Beautiful hobbit house

I love hobbit houses with lovely rounded corners and natural materials – and, though living entirely off grid seems a little daunting, I’d move into this super cute little house if I only had the chance! Straw bale building fascinates me so much that I’ve been itching to try it for a while now.

It’s a great inspiration to us all to watch people fight back against mass building and insane housing prices by raising shelters that are sustainable, affordable, beautiful and easy to maintain. In Israel, however, the main obstacle in the way of lowering housing prices are the prices of land. Land is scarce (in most regions – some are sadly underpopulated), and there is also the unfortunate phenomenon of widespread land piracy by Bedouins – which, despite the romantic image of the uncivilized nomad, cannot be tolerated in a small country with few and precious land resources (and, indeed, would not be tolerated in any country with a semi-developed legal system).

I hope, and dream, and pray that one day soon, our government will recognize the potential benefits of low-impact living, with eco-friendly building, environmental awareness and reduced energy exploitation, and will encourage people who would choose such a lifestyle, wishing to tread gently and lightly upon the face of this earth.

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2 thoughts on “Beautiful hobbit house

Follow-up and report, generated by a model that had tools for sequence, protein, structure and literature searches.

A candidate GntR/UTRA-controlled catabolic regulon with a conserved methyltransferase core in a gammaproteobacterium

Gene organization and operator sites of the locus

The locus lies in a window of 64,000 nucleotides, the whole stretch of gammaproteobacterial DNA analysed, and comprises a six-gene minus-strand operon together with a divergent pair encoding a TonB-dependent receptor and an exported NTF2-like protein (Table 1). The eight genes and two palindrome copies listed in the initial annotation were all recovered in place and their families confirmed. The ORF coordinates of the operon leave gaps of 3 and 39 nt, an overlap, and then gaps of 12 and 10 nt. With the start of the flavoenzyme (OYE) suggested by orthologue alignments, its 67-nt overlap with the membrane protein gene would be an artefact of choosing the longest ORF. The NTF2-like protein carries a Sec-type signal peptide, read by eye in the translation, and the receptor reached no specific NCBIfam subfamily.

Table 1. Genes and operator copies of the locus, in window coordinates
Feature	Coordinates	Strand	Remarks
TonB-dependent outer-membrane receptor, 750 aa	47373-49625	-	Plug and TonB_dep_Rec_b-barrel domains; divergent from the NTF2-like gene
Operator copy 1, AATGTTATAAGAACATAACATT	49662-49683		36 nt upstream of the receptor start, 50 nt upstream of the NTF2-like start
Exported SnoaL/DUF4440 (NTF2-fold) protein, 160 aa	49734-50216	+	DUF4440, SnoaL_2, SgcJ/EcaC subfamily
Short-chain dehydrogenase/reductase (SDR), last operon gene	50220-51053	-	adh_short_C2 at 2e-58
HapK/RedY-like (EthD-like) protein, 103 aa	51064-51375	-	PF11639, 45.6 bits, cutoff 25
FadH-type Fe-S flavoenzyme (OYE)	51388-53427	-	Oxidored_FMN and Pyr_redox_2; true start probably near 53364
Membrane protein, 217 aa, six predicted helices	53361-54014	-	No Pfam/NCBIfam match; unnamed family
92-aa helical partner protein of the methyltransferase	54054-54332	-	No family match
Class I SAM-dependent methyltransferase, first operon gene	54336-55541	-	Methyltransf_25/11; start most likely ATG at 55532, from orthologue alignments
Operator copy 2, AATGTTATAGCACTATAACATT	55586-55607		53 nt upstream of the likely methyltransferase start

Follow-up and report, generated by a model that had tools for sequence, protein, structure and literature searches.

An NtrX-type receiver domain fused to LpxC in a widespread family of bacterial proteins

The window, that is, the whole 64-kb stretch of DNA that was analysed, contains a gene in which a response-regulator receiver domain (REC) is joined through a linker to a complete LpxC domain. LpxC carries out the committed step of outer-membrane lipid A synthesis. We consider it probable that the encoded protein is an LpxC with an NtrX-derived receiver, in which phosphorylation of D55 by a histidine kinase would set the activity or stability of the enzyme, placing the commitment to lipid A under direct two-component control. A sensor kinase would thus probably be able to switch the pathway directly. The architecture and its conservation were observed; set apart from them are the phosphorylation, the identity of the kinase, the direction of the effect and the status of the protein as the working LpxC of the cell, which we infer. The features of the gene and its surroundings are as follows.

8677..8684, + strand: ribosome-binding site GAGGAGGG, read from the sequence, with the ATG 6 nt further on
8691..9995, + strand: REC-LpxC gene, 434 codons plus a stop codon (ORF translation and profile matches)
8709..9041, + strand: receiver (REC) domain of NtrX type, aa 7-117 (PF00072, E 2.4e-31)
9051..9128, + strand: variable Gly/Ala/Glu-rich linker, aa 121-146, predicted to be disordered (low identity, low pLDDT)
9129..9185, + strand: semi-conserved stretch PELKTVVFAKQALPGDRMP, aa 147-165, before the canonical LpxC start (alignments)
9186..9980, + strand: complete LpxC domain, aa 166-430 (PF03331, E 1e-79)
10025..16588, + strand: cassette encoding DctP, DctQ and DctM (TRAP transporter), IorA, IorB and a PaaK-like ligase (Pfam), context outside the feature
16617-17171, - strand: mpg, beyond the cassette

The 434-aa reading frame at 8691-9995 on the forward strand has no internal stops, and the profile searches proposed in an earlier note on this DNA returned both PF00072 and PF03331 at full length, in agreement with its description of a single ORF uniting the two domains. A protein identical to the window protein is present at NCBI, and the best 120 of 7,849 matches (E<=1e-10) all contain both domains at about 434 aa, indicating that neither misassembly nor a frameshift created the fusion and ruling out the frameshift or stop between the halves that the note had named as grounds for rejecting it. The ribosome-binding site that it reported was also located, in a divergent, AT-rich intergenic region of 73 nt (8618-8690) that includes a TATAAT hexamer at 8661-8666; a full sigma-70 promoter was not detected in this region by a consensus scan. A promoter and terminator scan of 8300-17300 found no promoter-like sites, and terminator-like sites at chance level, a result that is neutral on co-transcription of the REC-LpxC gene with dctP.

1. What a lovely little place! It would be nice for a vacation, but if you have children, I imagine it gets a little *too* cozy sometimes. The Amish live off the grid all the time, but they have windmills or water wheels to pump water into the house. My girlfriend has solar panels on the roof so they can have a phone. There is only electricity in one room, so she can have a wringer washing machine. She also has a blender and a mixer, but she keeps them in a closet, so she’s not tempted to use them too often.

    Unfortunately, where we live the composting toilet would be illegal. Not sure how the powers-that-be would know you have one, but there you are. Some housing areas won’t even let you use a line to dry your clothes! I still use my “solar powered” dryer as much as possible, only resorting to the electric one in the winter.

    Liked by 1 person

    • Yes, that really is unfortunate. Too many regulations standing in the way of sustainable living. Even building such a charming little house would be illegal in most places around here, except those that fought and received recognition from the government as eco-friendly settlements.

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